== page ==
Glendale shares details of deal with potential Phoenix Coyotes buyer

Posted on June 04, 2012 | Type: Issue
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By Lisa Halverstadt and Cecilia Chan, AzCentral 

A proposed 20-year agreement with a likely Phoenix Coyotes buyer may cost Glendale more than $45 per resident each year over the life of the deal.
 
The city appears poised to pay a group led by former San Jose Sharks chief executive Greg Jamison nearly $325 million over 20 years to operate and make improvements to the city-owned Jobing.com Arena.
 
An Arizona Republic analysis of a draft released Monday by the city showed Glendale expects to collect less than half that amount via ticket surcharges, rent, sales tax and other team fees during the same period.
 
The Glendale City Council is expected to discuss the proposed agreement at a public workshop Thursday but the city has not set a time for the meeting nor has it scheduled a vote on the deal. A 4-3 council majority would be needed, and the vote is likely to come within a week.
 
The agreement with Jamison follows a series of challenges for Glendale leaders. The city closed a $35 million spending gap in the upcoming year's budget with layoffs, tax hikes and service cuts.
 
Glendale also has spent the past three years trying to secure a new owner for the Coyotes. The National Hockey League has owned the team since 2009 when then-owner Jerry Moyes entered the team into bankruptcy. A handful of potential buyers have come and gone and Glendale has pledged two, $25 million payments to the NHL to cover team losses.
 
Glendale and NHL leaders are now banking on Jamison, a longtime sports executive who turned around another financially struggling West Coast hockey team, the San Jose Sharks. Jamison has said he hopes to capitalize on the Coyotes' deep playoff run this season to increase ticket sales and bring in more sponsorships for the team.
 
But such success may not translate into smaller payments for Glendale.
 
A Republic analysis revealed that even if the Coyotes went to the Stanley Cup Finals for the next 20 seasons and the arena booked 30 sold-out concerts each year for the next 20 years, Glendale could still expect to lose about $9 million annually.
 
That figure does not include the city's annual arena debt payments, which will average about $12.6 million a year over the next 20 years.
 
Longtime Glendale Mayor Elaine Scruggs, who has said next year's budgeted $17 million arena management fee is too steep, said Monday she cannot support the deal.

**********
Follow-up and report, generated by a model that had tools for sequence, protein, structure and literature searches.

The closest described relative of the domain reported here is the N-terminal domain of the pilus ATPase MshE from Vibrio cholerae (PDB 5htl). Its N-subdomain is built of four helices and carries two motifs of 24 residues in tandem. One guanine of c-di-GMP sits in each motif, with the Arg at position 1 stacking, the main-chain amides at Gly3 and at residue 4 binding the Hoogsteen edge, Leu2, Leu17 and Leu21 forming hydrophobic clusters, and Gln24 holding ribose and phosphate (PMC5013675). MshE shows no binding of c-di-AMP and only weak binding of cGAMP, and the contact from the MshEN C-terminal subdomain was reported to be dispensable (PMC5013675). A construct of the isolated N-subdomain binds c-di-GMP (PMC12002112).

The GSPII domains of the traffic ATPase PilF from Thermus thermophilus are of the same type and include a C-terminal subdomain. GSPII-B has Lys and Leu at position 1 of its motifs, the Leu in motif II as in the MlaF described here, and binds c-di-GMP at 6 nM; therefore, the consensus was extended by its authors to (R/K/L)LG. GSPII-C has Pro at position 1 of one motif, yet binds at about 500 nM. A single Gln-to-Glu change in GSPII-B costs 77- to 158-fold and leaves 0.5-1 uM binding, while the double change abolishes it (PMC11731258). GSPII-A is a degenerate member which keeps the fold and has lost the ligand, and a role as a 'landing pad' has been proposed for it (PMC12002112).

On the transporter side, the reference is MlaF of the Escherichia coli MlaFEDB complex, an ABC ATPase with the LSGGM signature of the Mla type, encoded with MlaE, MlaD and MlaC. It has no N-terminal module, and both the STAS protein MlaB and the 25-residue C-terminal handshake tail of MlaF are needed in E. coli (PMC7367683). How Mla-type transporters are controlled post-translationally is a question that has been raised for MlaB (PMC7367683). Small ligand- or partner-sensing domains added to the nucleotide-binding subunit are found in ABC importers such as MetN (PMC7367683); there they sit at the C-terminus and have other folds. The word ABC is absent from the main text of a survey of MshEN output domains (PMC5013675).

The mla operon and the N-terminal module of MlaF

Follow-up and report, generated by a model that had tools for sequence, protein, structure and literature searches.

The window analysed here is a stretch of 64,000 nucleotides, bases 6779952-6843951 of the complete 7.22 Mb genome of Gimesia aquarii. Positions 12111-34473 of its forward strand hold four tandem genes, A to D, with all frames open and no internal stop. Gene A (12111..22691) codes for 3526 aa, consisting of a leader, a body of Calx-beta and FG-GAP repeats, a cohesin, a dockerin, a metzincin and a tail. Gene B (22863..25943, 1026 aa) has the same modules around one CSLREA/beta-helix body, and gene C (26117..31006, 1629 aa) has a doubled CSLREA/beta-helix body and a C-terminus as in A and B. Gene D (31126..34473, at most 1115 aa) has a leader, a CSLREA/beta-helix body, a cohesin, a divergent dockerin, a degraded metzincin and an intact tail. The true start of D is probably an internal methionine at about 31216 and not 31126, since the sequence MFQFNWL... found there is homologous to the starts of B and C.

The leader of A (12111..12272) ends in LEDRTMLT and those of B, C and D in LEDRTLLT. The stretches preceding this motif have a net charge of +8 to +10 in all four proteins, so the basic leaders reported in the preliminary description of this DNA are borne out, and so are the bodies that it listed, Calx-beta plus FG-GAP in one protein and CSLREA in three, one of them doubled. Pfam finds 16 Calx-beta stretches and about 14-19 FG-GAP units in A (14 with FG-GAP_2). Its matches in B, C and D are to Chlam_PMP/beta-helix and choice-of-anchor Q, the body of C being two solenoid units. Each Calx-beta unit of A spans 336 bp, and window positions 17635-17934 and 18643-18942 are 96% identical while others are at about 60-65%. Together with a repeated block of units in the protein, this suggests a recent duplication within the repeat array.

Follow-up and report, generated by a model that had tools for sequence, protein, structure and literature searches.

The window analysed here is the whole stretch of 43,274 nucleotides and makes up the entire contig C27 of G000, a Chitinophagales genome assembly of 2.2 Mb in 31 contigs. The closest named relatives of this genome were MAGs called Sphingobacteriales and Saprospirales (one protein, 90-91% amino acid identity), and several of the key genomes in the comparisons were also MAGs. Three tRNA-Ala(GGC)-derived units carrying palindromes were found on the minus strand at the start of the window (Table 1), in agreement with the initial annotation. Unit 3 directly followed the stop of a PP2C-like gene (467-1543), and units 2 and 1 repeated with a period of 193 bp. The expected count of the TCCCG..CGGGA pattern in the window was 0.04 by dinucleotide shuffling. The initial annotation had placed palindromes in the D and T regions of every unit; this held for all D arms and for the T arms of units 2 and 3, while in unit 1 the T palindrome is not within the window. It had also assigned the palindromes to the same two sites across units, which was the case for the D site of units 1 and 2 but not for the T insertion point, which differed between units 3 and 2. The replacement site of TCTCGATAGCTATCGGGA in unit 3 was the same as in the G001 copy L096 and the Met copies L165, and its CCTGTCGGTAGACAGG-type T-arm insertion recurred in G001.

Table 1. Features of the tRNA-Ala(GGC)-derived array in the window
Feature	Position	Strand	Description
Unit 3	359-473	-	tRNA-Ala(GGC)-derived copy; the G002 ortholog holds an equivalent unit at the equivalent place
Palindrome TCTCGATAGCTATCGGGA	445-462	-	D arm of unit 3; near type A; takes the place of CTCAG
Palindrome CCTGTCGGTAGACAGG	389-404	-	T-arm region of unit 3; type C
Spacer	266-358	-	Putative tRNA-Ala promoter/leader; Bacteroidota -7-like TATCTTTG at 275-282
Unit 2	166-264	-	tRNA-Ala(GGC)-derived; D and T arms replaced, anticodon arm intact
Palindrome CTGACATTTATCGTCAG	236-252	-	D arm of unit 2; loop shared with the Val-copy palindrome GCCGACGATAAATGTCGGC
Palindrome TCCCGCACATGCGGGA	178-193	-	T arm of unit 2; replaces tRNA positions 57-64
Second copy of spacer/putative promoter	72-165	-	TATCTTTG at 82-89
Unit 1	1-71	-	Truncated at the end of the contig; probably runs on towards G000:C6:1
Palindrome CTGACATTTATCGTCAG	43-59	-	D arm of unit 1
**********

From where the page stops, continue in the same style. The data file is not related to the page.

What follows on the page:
The current deal allows Jamison to keep all revenues to offset expenses and anything left over from the city's arena fee of $10 million to $20 million a year will help run the hockey team, Scruggs said.
 
The mayor said she's also concerned that Glendale will hand over $24 million for capital improvements at the arena when the city's own capital improvement budget is low on cash, prompting the council to proceed with a 61-cent secondary property tax hike that will be phased in over two years and will sunset in 2017.
 
Even with the tax hike, Glendale residents won't see the construction of new city facilities or park upgrades for at least the next five years.
 
"We are telling our residents we will not build anything, any city facilities or amenities," Scruggs said. Instead, "we are putting our money into (the arena's) capital improvements. Something is very wrong there."
 
But other city officials say keeping the Coyotes is best for Glendale.
 
Councilwoman Joyce Clark, an ardent Coyotes supporter, has said arena debt and operation costs exist whether the team stays or goes. She did not return requests for comment Monday.
 
Having the team helps Glendale pay those bills, Clark said.
 
Other Glendale officials have emphasized the economic benefits of the team, including dozens of jobs and increased business at the sports and entertainment complex that surrounds the arena.
 
At an April budget workshop, Deputy City Manager Jim Colson said a city-commissioned analysis by TL Hocking & Associates projected Glendale could expect to bring in an average of $15.7 million annually over a 20-year lease with Jamison and $6.5 million without the Coyotes.
 
Hocking's projections have been far more dire in the past.
 
A 2009 study the consultant completed for Glendale assumed all city sales-tax revenue the surrounding Westgate City Center and fees from the arena would halt if the team left, adding up to a $500 million loss for Glendale over 30 years.
 
Jamison's deal with Glendale gives him a financial incentive to keep the team in the West Valley city.
 
The city's draft non-competition and non-relocation pact calls for $250 million to $350 million in damages should Jamison choose to move the team.
 
Under the lease agreement, Jamison has an option to buy the arena and is obligated to attempt to change the team's name to the Arizona Coyotes. He also must promote Glendale's financial support of the team in Coyotes programs and at the arena.
 
It was not immediately clear whether the Phoenix-based Goldwater Institute would challenge the deal with Jamison. The conservative watchdog group is reviewing the deal to see if it could be in violation of the Arizona gift clause, which bars illegal subsidies to private businesses.
 
Glendale said in a statement Monday that independent experts have expressed confidence the deal does not violate the state's gift clause.
 
The city's deal with Jamison calls for both parties to carry an equal burden if the conservative watchdog group or another entity brings a legal challenge.
 
Sports economist John Vrooman said the team brings intangible benefits to Glendale, but the balance sheet may not add up for taxpayers. "(The city) needs to make sure the costs and benefits are all lined up and match up," said Vrooman of Vanderbilt University. "The benefit and the cost doesn't seem to match up in this case."
 
 
 

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